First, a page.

Last Updated on March 13, 2023
If you notice the leaves turning yellow during the flowering of your plant life cycle it could be a warning sign. Your plants’ leaves may begin to turn yellow for a couple of reasons and we will be discussing this in this post.
When the yellowing of leaves occurs, it is usually something mild that can be fixed easily. You must get to the root of the cause and confer solutions to fix the problem.
This guide will assist you on how to fix the cause of leaves turning yellow during flowering and ways of preventing future occurrences. So, let’s begin.
Leaves Turning Yellow During Flowering
Firstly, when you notice your leave turning yellow towards the end or during their late flowering stage, you should know there’s usually no cause for alarm.
It’s a good indicator that your plants have received adequate nutrients for blooming. Thus, your flowers will invest all their energy and resources in flower production during the final or late weeks. This process is called senescence and it means the yellowing and dying of plants leave naturally.
When you’re certain senescence is what you have, you should refrain from doing anything such as washing off your soil or growing medium. Flushing your plant system will only make matters worse as there was no issue in the first instance. All you need do is sit back and get ready for harvest.
Reasons for Leaves Turning Yellow During Flowering Stage
Generally, when your leaves start to turn yellow, it’s usually caused by a lack or loss of chlorophyll and this is known as chlorosis. When this occurs during the plants’ early flowering phase or anytime during the vegetative phase, it may signify an underlying issue that needs to be resolved.
Below are some of the reasons why you may have yellowing leaves during the flowering stage of your plants:
1. Nutrient deficiency
When one or more nutrients are deficient (especially macronutrients), there will be yellowing of leaves during the flowering stage. Also, an excess quantity of nutrients may cause leaves to turn yellow but this is in rare cases.
To solve the situation, ensure you provide your plants with the correct nutrient scheme and balance the pH for nutrient uptake.
2. Lack of nitrogen
For instance, when you notice the lower part of leaves turns yellow, it may be due to a lack of nitrogen. However, note that in some cases, nitrogen deficiency may not mean an insufficient supply of nitrogen to your plant.
It may signify your pH values are not correct and incorrect pH values can cause specific nutrients to unabsorbable by plant roots. Thus, this can cause nitrogen deficiency.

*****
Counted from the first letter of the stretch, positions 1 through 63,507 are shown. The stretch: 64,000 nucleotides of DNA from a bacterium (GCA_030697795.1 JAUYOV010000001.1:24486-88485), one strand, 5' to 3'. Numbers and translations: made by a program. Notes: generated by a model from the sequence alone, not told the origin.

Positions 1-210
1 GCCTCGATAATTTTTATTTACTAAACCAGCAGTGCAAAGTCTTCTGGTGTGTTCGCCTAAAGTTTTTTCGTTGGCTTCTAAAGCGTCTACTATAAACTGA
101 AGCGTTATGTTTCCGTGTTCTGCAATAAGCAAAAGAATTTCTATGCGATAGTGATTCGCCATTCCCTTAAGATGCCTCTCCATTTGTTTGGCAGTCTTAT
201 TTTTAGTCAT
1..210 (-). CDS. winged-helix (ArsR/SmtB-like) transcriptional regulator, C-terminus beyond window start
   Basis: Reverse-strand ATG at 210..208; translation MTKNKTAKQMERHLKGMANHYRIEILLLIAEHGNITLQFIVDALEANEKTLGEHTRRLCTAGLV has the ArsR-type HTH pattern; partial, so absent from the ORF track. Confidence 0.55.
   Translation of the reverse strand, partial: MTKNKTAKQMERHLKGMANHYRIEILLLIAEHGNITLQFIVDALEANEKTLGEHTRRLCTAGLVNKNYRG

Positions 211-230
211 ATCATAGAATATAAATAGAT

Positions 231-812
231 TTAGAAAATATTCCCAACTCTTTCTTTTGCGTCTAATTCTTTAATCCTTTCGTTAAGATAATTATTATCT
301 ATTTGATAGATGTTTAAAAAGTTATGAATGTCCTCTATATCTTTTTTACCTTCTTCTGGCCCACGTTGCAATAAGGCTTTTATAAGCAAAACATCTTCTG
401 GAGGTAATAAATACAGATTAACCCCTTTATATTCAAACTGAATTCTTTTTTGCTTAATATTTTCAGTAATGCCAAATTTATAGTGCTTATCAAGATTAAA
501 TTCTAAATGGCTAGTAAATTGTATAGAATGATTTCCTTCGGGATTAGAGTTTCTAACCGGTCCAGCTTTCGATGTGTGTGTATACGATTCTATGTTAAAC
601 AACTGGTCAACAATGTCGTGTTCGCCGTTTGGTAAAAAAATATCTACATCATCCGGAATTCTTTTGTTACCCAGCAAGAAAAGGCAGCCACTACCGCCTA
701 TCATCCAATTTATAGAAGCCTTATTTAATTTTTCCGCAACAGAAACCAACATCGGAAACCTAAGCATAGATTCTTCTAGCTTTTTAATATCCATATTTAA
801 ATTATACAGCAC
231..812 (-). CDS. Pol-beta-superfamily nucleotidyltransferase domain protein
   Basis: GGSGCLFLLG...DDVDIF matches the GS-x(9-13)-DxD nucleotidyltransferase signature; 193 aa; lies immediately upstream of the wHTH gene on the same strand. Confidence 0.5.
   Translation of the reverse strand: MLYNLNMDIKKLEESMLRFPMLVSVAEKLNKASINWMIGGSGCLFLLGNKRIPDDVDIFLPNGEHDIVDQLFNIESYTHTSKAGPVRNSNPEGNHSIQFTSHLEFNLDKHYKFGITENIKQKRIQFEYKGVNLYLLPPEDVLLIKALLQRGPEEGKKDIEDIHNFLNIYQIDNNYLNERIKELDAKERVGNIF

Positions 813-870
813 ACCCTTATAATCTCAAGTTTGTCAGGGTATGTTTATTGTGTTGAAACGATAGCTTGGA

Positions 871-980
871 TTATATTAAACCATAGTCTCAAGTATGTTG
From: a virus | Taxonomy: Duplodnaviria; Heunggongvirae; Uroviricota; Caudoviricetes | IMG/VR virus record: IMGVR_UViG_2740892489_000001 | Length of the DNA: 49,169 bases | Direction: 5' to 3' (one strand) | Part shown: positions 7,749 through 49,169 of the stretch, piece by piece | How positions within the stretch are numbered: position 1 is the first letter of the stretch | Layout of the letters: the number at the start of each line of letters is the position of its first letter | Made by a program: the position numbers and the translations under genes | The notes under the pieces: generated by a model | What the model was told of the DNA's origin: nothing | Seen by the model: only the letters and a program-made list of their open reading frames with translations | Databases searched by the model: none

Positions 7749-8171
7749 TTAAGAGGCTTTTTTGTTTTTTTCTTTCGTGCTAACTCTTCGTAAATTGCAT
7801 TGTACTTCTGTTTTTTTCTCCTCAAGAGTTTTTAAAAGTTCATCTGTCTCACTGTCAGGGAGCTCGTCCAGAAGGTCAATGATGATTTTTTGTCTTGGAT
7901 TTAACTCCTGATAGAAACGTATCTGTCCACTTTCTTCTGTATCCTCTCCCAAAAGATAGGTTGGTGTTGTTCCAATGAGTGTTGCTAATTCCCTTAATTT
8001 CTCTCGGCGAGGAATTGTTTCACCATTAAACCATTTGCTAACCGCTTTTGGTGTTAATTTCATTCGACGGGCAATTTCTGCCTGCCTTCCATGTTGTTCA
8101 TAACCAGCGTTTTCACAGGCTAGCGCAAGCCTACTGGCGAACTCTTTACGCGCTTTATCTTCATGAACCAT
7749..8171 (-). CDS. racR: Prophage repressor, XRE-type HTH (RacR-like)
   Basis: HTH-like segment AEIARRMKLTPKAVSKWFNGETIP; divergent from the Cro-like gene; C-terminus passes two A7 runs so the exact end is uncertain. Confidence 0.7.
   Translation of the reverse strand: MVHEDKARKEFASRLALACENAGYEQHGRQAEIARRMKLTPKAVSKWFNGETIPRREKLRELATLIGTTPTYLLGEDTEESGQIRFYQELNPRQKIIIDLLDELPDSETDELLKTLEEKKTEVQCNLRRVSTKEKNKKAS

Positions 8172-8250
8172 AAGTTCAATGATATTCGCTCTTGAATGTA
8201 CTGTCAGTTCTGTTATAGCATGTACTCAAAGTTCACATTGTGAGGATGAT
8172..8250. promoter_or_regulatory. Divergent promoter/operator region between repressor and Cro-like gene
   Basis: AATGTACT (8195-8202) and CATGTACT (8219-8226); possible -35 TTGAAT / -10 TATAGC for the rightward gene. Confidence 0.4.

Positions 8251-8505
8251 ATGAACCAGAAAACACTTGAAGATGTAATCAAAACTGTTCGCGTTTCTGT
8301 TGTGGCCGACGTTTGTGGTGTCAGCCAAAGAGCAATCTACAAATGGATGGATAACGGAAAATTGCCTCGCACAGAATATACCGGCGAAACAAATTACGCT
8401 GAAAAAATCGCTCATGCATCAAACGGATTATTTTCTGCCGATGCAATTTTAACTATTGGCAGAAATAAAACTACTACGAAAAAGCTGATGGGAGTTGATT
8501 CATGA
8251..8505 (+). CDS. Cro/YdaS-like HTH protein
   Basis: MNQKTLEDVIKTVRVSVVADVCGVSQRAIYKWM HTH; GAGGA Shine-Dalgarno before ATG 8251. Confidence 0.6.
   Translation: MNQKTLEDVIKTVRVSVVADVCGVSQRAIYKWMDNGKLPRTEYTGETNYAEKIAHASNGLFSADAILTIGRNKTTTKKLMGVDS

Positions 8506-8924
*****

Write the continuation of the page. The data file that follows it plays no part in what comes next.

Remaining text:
To fix the issue, check your nutrient scheme to know if there is the right nitrogen amount. If the nitrogen amount is correct, ensure your pH is balanced for optimal nutrient absorption.
Fluctuating temperatures can cause leaves to turn yellow during flowering especially when the temperature falls out of desired range. The ideal temperature for the day cycle is 80 degrees Fahrenheit while for the night cycle is 60 degrees Fahrenheit.
These temperature ranges must not drop or exceed these values. If it drops or exceeds for more than a day, yellowing of leaves may occur.
4. Light burn and inadequate light
Another culprit is growing light burns. When the grow light is too strong and emits too much heat it can burn the leaves. This in turn will cause the leaves to turn yellow.
To fix the situation, position your grow light a little further from your plants. Also, if your grow lights are dimmable, dim them.
On the other hand, inadequate light can predispose your leaves to turn yellow. This is because they are not receiving enough light in their growing stage. So, ensure your plants receive good light quality for optimal growth.
5. Inappropriate pH range
Inappropriate pH values can cause the leaves to turn yellow during the flowering stage. All nutrients need a particular pH range to adequately be absorbed by plant roots. If the range falls out, there will be a nutrient lockout.
This is solved by ensuring the nutrient pH does not fall out of range. Thus, you need to always monitor the pH range with the right pH meters.
6. Over-watering or under watering
Both over-watering and under-watering can cause leaves to turn yellow during flowering. Over-watering will cause root clogging thereby restricting oxygen flow around the plant roots. This can encourage bad microorganisms and pathogens.